7th Division Commander Major-General ”Tubby” Allen was relieved of his command the day before the Australian Forces won through at Eora Creek. His superiors in Australia were dissatisfied by the counter-offensive's rate of progress.The 16th Brigade passed through the now abandoned Kokoda on 2 November and three days later went into battle at Oivi. The Japanese counter-attacked the next day.
"During the week or so the battalion was in position at Oivi both sides indulged in what was popularly called ‘hate sessions’, officially referred to as fire displays. The Japanese firing was meant to discourage any activity against their defences on our part. Ours was more in the line of a polite enquiry 'Are you still there?'
On the 11 November the morning hate session failed to bring any response. General Vasey, the new divisional commander sent the 25th Brigade and the 2/1st Battalion on a successful attack on the Japanese rear position at Gorari. The Japanese at Oivi, their supply and withdrawal route cut, had retreated.
The 2/3rds last attack on Japanese lines took place at the junction of the Sananada and Cape Killerton trails, about two miles from the coast. The Battalion arrived there in support of an attack by the 2/1st. The action saw heavy losses on both sides. Thereafter activity was limited to patrolling and maintaining a defensive perimeter. When the 2/3rd evacuated back to Port Moresby by plane on 23 December 1942 the Battalion consisted of 6 officers and 67 other ranks when they assembled at Poppondetta. The convalescing sick and wounded were gathered from the Army General Hospital at Port Moresby and all returned to Australia for leave and further convalescence.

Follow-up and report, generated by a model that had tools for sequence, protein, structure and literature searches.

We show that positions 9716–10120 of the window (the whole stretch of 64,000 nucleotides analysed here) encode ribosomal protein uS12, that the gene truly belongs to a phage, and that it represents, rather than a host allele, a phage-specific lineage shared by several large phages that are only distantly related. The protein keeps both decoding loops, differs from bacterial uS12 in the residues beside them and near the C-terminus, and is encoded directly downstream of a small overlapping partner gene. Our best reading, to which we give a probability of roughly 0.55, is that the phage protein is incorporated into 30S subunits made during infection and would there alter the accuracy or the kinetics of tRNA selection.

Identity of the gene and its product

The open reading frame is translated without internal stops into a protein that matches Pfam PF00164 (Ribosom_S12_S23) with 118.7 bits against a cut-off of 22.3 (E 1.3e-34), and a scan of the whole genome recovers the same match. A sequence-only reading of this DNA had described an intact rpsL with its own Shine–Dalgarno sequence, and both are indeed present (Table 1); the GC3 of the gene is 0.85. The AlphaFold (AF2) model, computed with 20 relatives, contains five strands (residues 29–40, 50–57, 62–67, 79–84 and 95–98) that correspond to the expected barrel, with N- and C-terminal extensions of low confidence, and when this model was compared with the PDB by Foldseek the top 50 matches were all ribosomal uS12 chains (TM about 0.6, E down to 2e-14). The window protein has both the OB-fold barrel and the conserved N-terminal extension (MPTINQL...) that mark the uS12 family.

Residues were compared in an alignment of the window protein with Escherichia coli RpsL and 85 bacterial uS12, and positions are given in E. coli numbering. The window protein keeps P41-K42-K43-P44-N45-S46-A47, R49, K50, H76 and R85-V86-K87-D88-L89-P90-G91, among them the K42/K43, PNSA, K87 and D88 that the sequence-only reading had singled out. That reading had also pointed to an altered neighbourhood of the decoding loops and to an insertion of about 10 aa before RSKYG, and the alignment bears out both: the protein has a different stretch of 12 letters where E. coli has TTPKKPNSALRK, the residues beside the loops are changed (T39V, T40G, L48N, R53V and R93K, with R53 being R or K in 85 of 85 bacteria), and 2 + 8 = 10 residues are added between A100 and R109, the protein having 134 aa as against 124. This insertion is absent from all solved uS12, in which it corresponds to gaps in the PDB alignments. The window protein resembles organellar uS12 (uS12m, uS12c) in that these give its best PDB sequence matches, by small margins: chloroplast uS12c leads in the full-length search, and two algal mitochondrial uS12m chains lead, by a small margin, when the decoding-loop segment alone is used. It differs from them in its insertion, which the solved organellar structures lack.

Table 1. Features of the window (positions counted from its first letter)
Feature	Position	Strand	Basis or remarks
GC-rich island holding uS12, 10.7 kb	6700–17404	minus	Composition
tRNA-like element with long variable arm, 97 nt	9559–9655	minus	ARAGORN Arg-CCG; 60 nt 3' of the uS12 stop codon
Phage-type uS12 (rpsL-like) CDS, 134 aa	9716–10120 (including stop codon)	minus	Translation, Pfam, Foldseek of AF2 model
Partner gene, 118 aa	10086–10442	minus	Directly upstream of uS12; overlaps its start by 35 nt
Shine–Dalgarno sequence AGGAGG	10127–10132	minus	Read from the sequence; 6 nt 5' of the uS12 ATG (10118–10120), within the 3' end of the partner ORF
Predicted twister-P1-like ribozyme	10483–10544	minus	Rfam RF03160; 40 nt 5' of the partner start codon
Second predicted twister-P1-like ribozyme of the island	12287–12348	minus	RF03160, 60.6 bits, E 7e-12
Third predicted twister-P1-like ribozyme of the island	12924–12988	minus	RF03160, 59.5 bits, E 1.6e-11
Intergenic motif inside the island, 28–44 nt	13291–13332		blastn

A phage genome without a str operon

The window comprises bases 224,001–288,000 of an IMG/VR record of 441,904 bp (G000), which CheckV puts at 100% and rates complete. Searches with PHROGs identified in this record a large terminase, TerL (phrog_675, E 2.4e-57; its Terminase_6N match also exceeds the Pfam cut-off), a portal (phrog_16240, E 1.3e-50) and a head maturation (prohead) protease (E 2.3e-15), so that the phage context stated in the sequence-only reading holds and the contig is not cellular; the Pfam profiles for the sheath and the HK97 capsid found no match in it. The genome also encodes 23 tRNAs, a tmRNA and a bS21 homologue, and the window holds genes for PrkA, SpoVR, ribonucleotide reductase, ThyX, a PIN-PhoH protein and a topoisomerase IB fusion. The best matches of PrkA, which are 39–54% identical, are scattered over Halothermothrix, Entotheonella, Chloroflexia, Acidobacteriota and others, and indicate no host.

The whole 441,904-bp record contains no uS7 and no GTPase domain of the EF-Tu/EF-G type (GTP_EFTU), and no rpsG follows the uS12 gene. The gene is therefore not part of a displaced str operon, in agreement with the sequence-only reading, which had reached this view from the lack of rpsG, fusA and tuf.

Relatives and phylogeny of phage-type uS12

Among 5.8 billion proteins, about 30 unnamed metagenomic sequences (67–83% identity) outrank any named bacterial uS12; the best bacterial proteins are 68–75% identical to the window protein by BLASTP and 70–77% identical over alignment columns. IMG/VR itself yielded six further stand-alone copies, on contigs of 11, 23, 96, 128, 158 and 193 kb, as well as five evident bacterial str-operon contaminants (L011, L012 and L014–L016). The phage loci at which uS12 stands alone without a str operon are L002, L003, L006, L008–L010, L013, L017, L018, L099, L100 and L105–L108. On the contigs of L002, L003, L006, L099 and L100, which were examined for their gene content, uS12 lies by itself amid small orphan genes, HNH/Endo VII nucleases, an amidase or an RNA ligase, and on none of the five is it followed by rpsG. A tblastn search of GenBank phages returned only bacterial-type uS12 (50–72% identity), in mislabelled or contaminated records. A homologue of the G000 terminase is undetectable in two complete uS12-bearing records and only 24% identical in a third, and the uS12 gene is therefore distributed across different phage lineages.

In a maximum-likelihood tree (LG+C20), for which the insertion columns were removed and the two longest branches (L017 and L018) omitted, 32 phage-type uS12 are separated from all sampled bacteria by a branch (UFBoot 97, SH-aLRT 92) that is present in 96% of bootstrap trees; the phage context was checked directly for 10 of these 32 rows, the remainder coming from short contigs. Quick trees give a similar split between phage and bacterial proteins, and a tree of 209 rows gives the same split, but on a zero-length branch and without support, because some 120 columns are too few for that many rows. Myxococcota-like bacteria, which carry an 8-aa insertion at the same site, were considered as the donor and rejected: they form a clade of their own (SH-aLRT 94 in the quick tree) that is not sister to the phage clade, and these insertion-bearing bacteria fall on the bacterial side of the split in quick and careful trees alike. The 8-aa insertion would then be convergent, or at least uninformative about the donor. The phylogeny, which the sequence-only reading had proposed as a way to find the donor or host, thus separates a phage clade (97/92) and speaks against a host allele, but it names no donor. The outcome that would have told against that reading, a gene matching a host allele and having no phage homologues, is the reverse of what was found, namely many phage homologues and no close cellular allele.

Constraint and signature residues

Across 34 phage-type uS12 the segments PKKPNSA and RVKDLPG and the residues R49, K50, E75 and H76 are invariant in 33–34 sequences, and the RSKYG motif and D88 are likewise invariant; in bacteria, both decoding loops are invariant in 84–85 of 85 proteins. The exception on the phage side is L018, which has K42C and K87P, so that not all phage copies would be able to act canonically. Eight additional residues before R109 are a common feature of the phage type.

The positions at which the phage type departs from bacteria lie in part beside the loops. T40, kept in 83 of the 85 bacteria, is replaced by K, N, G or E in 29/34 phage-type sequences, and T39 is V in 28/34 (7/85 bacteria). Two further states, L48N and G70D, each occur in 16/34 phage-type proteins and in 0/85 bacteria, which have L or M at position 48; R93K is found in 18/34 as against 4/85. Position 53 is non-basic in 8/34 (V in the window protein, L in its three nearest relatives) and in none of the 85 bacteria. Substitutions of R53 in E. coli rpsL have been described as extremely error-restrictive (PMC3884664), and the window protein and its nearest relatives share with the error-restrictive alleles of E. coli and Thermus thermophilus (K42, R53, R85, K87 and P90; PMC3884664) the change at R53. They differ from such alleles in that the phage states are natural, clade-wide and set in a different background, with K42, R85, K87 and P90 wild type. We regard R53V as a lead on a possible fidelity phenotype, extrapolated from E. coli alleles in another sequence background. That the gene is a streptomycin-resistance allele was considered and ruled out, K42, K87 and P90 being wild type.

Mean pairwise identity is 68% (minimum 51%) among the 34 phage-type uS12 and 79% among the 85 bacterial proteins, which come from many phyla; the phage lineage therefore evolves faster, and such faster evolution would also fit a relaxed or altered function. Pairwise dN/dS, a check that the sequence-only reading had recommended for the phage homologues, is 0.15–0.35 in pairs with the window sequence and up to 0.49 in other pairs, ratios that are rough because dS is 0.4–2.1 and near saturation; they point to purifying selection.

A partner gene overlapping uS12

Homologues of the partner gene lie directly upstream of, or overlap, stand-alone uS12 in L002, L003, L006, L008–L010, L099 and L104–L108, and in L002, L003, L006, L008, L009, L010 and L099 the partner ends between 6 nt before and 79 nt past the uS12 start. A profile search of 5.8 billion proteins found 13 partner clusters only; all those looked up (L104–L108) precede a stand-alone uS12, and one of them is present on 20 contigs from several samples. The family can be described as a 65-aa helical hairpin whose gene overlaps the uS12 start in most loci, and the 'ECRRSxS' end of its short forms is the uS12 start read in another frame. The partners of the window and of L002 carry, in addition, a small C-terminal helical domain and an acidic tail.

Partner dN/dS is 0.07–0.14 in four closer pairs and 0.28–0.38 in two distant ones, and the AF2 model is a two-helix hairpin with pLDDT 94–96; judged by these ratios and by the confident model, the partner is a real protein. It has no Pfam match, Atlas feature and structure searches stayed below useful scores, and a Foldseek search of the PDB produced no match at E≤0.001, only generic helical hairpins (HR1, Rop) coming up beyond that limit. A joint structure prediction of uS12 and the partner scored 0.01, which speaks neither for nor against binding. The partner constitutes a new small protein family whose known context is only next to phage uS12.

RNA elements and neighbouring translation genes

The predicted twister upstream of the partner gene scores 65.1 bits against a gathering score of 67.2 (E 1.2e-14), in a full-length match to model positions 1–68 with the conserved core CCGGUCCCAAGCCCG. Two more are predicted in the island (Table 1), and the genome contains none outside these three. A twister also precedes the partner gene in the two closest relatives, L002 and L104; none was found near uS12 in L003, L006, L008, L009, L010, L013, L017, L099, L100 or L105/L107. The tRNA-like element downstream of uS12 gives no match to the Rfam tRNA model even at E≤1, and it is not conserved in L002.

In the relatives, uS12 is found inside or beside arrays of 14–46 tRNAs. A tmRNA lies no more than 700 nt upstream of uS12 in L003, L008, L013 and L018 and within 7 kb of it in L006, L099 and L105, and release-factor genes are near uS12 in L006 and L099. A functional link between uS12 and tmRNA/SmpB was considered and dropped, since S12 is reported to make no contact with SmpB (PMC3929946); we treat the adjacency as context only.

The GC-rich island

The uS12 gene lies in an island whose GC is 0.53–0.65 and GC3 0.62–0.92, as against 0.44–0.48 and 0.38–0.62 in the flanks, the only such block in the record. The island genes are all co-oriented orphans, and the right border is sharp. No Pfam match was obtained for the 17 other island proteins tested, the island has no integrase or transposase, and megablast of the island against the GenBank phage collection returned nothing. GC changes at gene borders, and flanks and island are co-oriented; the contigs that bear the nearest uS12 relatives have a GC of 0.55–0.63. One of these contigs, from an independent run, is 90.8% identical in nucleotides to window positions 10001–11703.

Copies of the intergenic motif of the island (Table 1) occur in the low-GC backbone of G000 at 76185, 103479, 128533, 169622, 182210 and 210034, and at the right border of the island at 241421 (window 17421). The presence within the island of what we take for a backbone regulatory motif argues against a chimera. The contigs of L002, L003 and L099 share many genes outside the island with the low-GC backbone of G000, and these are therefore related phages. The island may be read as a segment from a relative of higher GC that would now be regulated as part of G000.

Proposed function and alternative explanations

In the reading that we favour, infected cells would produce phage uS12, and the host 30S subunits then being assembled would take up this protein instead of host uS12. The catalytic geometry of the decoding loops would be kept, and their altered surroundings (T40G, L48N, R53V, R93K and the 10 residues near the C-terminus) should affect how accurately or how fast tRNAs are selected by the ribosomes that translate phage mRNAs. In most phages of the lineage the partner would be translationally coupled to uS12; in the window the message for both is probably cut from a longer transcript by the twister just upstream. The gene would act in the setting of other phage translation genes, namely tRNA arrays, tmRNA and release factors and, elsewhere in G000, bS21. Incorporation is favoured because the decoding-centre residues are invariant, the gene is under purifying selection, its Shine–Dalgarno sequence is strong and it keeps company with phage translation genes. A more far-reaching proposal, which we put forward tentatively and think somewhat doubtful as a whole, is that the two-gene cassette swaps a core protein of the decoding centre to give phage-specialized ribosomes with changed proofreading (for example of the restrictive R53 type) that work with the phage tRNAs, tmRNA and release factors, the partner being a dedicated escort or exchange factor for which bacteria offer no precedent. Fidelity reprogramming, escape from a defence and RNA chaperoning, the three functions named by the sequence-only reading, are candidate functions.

"The Kokoda Trail was the infantry man's cavalry where the pain of effort, the biting sweat, the hunger, the cheerless shivering nights were made dim by exhaustion's merciful drug. Surely no war was ever fought under worse conditions. Surely no war has ever demanded more of a man in fortitude.
After a short leave the 6th Division came together again in late January 1943 on the Atherton Tablelands. A camp was built from scratch at Wondecla. It was upwards of twelve months before all the sick and wounded were able to return. Along with training there was time for recreation – swimming carnivals, boxing tournaments and a 6th division rugby league championship in which the 2/3rd were victorious. Col Windon, the team captain, went on to play for and captain the Wallabies.
After almost 2 years out of action, 6th Divisions troops returned to New Guinea on 26 December 1944. The convoy anchored at Aitape Harbour on the north coast. The Japanese army still held the entire coast down past Wewak and back into the interior. Even though they would have eventually been starved out, the Japanese put up heavy resistance to the Australian’s primary tactic of aggressive patrolling. About the time of the Atomic bombs we took a prisoner who kept saying "Nagasaki gone".
The 2/3rd Battalion disbanded in Brisbane on 8 February 1946 as one of the most decorated of the Second AIF. They had fought all the King's enemies, Italians, Germans, Vichy French and Japanese, alongside the 2/5th Battalion, the only Allied troops to have done so.